The only issue with it being practically mint is that no one knows if time's been kind to the unit and whether it actually works, as this question and answer from a potential buyer and the seller shows;
Q: Any idea if it works properly?

A: I have no idea if it works properly. It's been wrapped in plastic and never opened. If I open it and plug it in then it no longer is never used. Plus I don't have any games to try on this unit. Thanks for your question.
The auction currently stands at $237, and ends on September 19th. If you're willing to take the risk on this being a worker or not you'd better get that bid in quick!

Update: The closing price for this unit was $310.88, with 21 bidders.

Saturday, 15 September 2012

New Book - Atari Inc. Business is Fun

I'll admit that I'm a sucker for retro gaming and computer history related books. I've got a fair stack of them in the old collection and am always looking to add more to the pile.

This week I stumbled upon news of a new book, due to be released towards the end of September. Going under the title "Atari Inc. Business is Fun", this looks like it could really lift the lid on this once legendary company.

Scott Cohen's "Zap! The Rise and Fall of Atari" provided a fleeting look at the history of the the iconic brand, and I'm hoping that this new publication will present a more in-depth and detailed analysis of the company. Written by Marty Goldberg and Curt Vendel, the book should prove to be well written, heavily researched and a fascinating read.

Both authors come with decent CV's. Marty Goldberg has worked at, currently freelances for Retro Gamer magazine, and is a co-founder of the Midwest Gaming Classic Expo. Meanwhile, Curt Vendel has a bachelor in computer science, and in 1998 founded the Atari History Museum Archives, amassing over 15,000 files, folders and documents.

So, what can we expect from this book? Here's the blurb...

The true story behind the company and brand that was synonymous with 'video games' in the 1970's and 80's, told by the people who were there making history. Dominating both the arcade and home - and fueled by the public's 'obsession' with technology, Atari pioneered high tech fun for a new generation. The ripple effect of Atari's influence in technology and pop culture has resonated throughout the decades, and into the 21st Century.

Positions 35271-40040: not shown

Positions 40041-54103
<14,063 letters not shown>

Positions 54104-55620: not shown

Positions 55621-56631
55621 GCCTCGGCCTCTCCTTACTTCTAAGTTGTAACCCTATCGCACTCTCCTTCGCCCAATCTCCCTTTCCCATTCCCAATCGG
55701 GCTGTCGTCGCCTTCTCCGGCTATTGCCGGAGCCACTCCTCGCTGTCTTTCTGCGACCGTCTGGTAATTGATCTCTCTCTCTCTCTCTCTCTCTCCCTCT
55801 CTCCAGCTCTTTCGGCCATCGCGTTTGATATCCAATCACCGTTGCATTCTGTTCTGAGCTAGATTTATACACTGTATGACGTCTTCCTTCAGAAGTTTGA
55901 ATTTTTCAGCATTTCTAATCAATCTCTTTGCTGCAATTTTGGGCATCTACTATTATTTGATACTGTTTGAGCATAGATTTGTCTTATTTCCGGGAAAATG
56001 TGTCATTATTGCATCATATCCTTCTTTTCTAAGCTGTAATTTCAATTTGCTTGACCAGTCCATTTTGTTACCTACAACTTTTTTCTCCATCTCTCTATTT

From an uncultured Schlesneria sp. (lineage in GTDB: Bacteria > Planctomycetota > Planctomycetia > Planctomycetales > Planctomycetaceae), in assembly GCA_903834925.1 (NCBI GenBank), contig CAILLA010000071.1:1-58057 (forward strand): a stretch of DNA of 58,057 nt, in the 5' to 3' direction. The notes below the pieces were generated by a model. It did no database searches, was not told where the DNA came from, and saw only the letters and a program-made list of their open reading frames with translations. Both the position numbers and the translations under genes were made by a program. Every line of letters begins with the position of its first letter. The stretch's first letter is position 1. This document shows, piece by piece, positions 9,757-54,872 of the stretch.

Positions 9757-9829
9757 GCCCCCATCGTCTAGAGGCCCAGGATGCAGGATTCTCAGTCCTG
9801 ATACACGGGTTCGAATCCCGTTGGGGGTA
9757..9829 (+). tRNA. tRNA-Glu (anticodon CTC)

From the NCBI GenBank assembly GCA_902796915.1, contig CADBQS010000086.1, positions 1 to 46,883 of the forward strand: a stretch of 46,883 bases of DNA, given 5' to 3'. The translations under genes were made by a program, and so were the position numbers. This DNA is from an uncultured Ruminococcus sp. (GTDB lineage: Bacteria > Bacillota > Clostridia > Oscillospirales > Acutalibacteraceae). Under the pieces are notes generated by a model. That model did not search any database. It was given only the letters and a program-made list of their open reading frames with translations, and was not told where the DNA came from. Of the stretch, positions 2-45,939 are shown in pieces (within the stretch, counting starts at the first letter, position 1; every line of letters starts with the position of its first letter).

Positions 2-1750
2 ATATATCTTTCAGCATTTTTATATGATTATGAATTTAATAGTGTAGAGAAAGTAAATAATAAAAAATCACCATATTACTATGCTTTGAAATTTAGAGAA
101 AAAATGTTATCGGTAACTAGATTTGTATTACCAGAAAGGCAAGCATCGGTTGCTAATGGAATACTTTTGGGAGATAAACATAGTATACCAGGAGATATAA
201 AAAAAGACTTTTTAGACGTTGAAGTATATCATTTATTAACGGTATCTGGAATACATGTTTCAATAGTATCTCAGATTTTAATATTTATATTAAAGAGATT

In an age where Nintendo, Sony and Microsoft now dominate the consumer industry, Gen-Xers and those lucky enough to have grown up during the "Age of Atari" still cling fondly to the memories of this period.

With roots dating back to 1969, when Nolan Bushnell and Ted Dabney formed a small engineering partnership, these two California entrepreneurs took a chance and introduced an exciting new technology to the world at a time when pinball was king. Forming Atari Inc. on June 27th, 1972, together they launched a company that would come to dominate and innovate what people did with their leisure time.

Purchased by Warner Communications in 1976, the sale of the company to this entertainment industry titan would ensure Atari invaded all areas of American culture, enabling the company to stake its claim as a worldwide phenomenon. Rapidly expanding into other forms of entertainment, computers and advanced high-tech research, Atari's innovation and influence was comparable to Apple's preeminence today.

... that is, was until Atari imploded spectacularly in 1984, taking most of the US video game industry with it. As a result, its cadre of talented people and advanced technology were unleashed across Silicon Valley. Many of these individuals are still working in the industries they helped pioneer.

For more information, visit the "Atari Inc. Business is Fun" section of the Atari Museum web site at, follow the team on Twitter @AtariBook or join their facebook group over at

When I finally manage to get my hands on a copy I'll post a full review to the blog in due course.

Tuesday, 11 September 2012

30 Years of the ZX Spectrum - A Celebration!

Over the weekend of the 8th and 9th of September Spectrum fans from across the globe came together at the Anglia Ruskin University, Cambridge, to celebrate 30 years of the Sinclair ZX Spectrum.

As an owner of various Spectrums since 1982 I was keen to go, but felt that I couldn't really justify the travel time and costs getting to and from deepest darkest Cambridge. With many coming from other countries, I suppose I don't have much of an excuse, but there you go.

Thankfully, a number of those who did attend have filmed and written about their experiences, giving you the chance to see and read about what you missed.

The Centre For Computing History have put together a short write-up, along with various YouTube clips and a selection of photos they took on the day. You can find the article by pointing your browser HERE.

Andrew Edney of the Connected Digital World web site has written a short review, and uploaded a mass of lovely photos. You can find those HERE.